Observations on life

Children living in poverty

So, what’s the anwer?
The chances of a child living in poverty are much higher if they live in a single parent home, especially a home with a mother only. 

Is this a problem for government to solve?

Being a single parent is tough, being an unmarried young woman with children is really tough. 

We have changed the makeup of families, we have liberalized our views of parenthood, we have come to accept virtually any lifestyle and less responsibility for parents, especially absent fathers. 

Everything has consequences, everything and political rhetoric does not change that. 



2 replies »

  1. Simply, when President Obama decided to open relations with Cuba, he proclaimed, in part: “… But I believe that we can do more to support the Cuban people and promote our values through engagement. After all, these 50 years have shown that isolation has not worked. It’s time for a new approach….”

    So, Mr. President, the “War on Poverty” has been around for almost the same period. Here are the data from the Census Bureau about children under age 18 living in poverty:

    2014 21.1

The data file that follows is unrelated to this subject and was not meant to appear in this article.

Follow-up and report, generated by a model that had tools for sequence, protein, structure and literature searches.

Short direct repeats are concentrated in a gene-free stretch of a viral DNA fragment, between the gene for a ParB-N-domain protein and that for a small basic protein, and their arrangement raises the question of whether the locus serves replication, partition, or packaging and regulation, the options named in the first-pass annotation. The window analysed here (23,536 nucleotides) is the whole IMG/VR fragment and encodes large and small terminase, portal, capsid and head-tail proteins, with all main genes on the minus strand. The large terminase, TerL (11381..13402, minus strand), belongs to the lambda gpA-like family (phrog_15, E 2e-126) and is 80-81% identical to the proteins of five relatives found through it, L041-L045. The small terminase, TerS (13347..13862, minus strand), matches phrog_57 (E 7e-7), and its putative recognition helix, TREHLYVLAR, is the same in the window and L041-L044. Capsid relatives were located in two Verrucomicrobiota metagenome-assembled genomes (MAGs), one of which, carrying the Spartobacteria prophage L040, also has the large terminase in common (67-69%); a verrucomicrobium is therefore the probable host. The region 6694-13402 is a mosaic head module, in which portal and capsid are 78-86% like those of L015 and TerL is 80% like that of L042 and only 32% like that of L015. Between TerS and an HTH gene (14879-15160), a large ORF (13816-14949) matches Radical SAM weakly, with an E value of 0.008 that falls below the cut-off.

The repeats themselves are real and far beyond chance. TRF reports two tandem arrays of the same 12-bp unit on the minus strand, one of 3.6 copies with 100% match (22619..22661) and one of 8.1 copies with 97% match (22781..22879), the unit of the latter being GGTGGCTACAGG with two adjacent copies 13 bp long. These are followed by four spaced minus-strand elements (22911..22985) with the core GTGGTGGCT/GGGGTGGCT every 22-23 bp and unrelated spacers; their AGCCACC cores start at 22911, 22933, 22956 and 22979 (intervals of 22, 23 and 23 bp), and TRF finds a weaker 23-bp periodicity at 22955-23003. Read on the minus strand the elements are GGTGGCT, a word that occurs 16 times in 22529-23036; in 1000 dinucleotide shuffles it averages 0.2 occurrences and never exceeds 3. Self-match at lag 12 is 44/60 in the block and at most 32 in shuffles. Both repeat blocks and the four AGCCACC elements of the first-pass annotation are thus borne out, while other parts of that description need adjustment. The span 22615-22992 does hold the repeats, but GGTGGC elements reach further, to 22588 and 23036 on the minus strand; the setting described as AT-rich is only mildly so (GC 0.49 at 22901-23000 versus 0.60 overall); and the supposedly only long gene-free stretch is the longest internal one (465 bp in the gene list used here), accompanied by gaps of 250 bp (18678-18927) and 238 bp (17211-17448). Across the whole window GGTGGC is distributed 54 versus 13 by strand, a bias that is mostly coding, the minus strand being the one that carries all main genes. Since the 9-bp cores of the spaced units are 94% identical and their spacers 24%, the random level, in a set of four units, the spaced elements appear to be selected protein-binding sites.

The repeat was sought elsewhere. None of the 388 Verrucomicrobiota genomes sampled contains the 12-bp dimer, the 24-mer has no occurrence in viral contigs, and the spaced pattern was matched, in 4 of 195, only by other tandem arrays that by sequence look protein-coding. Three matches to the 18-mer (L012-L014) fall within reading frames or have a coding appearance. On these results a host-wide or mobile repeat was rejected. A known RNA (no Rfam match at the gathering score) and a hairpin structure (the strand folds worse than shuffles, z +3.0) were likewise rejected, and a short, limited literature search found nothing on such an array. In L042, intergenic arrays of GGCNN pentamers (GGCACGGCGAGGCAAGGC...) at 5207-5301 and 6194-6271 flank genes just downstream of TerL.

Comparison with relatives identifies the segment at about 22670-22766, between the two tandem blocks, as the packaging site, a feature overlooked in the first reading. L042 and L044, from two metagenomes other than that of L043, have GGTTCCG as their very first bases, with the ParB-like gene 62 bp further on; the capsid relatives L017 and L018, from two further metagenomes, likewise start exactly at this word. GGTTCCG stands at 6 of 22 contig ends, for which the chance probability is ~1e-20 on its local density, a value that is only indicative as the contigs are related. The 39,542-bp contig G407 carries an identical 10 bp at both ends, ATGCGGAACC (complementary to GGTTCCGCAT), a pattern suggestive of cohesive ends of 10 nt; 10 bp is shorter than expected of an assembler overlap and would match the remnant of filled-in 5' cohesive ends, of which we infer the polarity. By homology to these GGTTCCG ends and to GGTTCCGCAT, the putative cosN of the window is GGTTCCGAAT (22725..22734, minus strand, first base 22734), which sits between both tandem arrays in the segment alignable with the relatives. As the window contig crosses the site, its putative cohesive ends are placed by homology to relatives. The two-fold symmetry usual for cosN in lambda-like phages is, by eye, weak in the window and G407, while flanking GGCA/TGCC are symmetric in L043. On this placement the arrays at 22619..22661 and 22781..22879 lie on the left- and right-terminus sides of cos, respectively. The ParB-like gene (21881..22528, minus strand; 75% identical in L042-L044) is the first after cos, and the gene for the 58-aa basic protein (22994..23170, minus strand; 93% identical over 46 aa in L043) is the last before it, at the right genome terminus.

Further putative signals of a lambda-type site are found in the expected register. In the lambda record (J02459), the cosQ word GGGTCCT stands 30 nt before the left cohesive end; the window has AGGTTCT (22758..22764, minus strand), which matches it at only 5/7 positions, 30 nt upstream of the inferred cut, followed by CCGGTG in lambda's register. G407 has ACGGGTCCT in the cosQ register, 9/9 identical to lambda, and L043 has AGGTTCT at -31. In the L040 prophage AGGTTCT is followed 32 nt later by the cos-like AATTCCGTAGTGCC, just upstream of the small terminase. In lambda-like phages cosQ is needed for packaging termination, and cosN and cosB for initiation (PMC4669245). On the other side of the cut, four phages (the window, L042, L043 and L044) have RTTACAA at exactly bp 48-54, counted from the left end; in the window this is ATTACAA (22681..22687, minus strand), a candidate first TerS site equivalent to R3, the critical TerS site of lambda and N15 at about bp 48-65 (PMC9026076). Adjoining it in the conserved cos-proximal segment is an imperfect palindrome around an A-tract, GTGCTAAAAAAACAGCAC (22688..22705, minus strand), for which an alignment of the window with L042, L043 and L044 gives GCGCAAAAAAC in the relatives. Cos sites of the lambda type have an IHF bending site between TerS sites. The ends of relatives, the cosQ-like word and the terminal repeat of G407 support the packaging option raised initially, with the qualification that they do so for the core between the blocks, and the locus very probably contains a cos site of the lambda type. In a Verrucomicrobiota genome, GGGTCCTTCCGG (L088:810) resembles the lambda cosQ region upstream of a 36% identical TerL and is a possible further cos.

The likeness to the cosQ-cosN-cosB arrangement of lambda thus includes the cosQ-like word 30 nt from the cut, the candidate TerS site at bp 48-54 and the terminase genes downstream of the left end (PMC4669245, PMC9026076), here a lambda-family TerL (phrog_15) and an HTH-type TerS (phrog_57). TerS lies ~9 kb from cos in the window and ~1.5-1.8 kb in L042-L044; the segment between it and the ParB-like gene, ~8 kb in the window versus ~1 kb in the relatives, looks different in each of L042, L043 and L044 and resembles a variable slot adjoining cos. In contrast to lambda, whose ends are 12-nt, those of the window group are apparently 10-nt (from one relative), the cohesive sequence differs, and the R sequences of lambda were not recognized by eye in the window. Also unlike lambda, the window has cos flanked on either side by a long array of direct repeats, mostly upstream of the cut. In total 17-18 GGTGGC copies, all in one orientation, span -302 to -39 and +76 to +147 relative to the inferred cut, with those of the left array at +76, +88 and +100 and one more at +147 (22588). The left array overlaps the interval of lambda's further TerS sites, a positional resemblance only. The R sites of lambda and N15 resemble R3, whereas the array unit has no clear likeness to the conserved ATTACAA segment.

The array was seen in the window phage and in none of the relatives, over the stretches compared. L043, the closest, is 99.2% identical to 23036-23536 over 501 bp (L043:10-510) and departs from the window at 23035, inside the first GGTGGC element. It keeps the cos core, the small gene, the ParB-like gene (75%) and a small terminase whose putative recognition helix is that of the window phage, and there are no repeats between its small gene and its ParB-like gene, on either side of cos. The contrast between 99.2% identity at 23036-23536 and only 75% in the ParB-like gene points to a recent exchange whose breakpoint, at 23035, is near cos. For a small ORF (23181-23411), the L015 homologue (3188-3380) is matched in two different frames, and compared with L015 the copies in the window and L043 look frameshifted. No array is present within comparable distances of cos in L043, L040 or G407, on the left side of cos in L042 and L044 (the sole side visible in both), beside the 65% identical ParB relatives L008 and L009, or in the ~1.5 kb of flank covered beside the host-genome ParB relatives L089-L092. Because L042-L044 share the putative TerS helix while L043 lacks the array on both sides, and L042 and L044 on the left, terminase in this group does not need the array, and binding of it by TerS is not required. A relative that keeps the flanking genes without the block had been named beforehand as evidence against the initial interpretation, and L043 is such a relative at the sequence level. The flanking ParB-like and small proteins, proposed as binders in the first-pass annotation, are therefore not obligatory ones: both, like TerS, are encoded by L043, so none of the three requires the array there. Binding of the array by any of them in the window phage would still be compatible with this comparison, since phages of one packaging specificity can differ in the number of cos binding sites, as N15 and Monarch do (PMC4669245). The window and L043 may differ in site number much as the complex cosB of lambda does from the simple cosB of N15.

2010 22.0
    2000 16.2
    1990 20.6
    1980 18.3
    1970 15.1
    1964 23.0
    1959 27.3

    As you can see, in the five years BEFORE President Johnson declared a war on poverty, poverty declined by 4.3% of children under age 18 (data from Census Bureau start in 1959). In the 50 years since 1964, while the poverty rate has declined, it has also increased, and net, net, today, we are little changed from 50 years ago.

    So, President Obama, which is more important – relations with Cuba or childhood poverty? Which did you choose to address? And, wouldn’t you have to admit that the Democratic policies embraced in the War on Poverty have failed?

    “After all, these 50 years have shown that our policies have not worked. It is time for a new approach”. Right? I’ll hear him, Bernie and Hillary say this when pigs fly.


  2. Here are some suggestions. 1. Provide free permanent sterilization for both men and women. 2. Make adoption more affordable. 3 Increase the fiscal responsibility of the absent parent (although, that has been done without much success).


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